A member of the Cleveland Indians baseball team for six seasons, he became active in promoting both amateur and professional baseball in the Greater Cleveland area after his retirement in 1954. An untiring worker, he was considered one of the sport’s finest ambassadors. Promoted baseball through his membership on the Board of Directors of the Wahoo Club and Cleveland Baseball Federation. He constantly assisted sandlot youngsters with his time and money.
Member of the Cleveland Plain Dealer sports staff for 41 years, during which he covered almost every sport. Best remembered as a golf writer, covering that sport from 1925 until his retirement in 1964 and attending 24 National Opens. Covered hockey for some 35 years, was the paper’s pro football writer during the Cleveland Rams’ ten years in the city and also covered Ohio State football for many years.
Professional hockey star for 14 years, eight of which were spent with the Cleveland Barons. Was one of mainstays of 1947-48 Cleveland team which set a professional hockey record by going undefeated though 31 straight games. Named to American League All-Star team three times. Was the first league player to score 300 goals and ended his career as the league’s all-time scoring champion with 319 goals and 425 assists.
Winner of the BPAA National Doubles title in 1960, runner-up in 1956 when she also set a national women’s record with a 205 season average. Finalist in the BPAA All-Star Tournament six times, finishing second in 1960, third in 1949. Won singles, doubles and all-events titles in Ohio State Womens’s Bowling Association Tournament in 1959, four state all-events titles in all. Elected to Cleveland Women’s Bowling association Hall of Fame in 1970.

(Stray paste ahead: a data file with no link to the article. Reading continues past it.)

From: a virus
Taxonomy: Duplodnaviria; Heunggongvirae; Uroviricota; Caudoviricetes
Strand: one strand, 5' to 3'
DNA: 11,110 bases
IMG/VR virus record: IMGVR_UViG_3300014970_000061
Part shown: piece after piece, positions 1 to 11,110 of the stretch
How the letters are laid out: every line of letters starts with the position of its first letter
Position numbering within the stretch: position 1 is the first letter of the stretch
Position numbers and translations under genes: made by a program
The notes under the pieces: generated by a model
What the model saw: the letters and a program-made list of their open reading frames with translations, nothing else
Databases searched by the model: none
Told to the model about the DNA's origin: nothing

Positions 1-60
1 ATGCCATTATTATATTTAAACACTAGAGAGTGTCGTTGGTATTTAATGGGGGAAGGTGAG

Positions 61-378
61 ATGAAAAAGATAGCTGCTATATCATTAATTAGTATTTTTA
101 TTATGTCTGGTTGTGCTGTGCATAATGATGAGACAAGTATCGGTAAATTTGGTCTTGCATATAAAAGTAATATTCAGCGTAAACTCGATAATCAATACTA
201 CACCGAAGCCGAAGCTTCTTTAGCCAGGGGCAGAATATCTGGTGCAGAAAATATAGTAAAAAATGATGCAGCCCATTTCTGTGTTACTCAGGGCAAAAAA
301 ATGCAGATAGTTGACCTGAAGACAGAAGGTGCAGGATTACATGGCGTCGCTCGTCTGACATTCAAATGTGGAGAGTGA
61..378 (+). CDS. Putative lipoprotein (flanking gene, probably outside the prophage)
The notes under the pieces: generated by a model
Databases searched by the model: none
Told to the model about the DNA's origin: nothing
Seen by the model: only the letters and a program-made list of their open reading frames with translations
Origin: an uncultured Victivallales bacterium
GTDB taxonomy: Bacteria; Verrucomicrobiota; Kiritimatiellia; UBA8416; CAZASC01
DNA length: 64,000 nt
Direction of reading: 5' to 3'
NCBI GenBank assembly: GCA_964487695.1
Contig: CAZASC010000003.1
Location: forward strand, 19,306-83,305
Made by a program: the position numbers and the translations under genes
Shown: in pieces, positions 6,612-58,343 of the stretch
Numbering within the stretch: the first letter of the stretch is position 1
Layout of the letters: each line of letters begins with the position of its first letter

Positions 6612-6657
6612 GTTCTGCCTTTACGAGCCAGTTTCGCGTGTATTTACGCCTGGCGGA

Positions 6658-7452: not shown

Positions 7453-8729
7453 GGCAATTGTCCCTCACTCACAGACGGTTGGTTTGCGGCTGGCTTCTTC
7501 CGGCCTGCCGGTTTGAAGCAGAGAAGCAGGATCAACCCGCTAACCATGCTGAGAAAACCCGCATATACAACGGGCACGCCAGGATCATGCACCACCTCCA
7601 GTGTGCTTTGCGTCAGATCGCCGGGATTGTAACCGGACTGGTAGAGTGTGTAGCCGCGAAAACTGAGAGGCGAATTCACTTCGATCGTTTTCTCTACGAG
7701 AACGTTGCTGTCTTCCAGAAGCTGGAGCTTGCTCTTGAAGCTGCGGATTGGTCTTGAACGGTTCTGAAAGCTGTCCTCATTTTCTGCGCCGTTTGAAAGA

Won American Bowling Congress Doubles title (with Joe Kissoff) in 1953. Finished second in the ABC All-Events in 1951 and the ABC Singles in 1952. Won Cleveland City Doubles title with Kissoff in 1951 and bowled on Cleveland and Ohio championship teams. Averaged 202 for ten ABC classics and 197 for 32 ABC appearances. Bowled three 300 games and an 806 series.
Charter member of Professional Bowlers Association Hall of Fame (1974) and inducted into American Bowling Congress Hall of Fame, 1977. Ten-time PBA champion, winner of the BPAA All-Star championship in 1960, the ABC masters title in 1963 and the ABC Doubles in 1967. Twice Cleveland City Match-Game champion. Bowled 12 sanctioned 300 games and an 843 series. Had 199 average for 25 ABC tournament appearances.
First Cleveland amateur to be named to the U.S. Olympic Boxing Team. Earned this honor 1920. Was Cleveland’s top 118-pounder from 1917 through 1920 and was undefeated both in the city and the State of Ohio during this period.
One of the outstanding boxers of the late 1930s and 1940s. Fought and defeated such outstanding boxers as Joe Maxim, Ezzard Charles and light heavyweight champions Anton Christoforidis and Melio Bettina. When Heavyweight Champion Joe Louis entered the armed service he declared Bivins as his successor “for the duration.”
NCAA All Around co-champion at University of Illinois in 1940. Also qualified for 1940 Olympic team, but Games were cancelled. National AAU floor exercise champion and runner-up on horizontal and parallel bars in 1946. Big Ten All Around, Horizontal Bar and Parallel Bars champion in 1939, competed for U.S. International Team vs. Czechoslovakia in 1947. Attended Cleveland East Tech High.
Won more than 280 individual fencing medals over a 20-year period, including eight All-Ohio championships and the 1968 “Canadian Heroes” epee championship. Was first person to win Ohio championship in all three weapons, a feat which has not been duplicated. Considered one of the Midwest’s finest fencers. Served as coach of Case Tech from 1963 through 1966.
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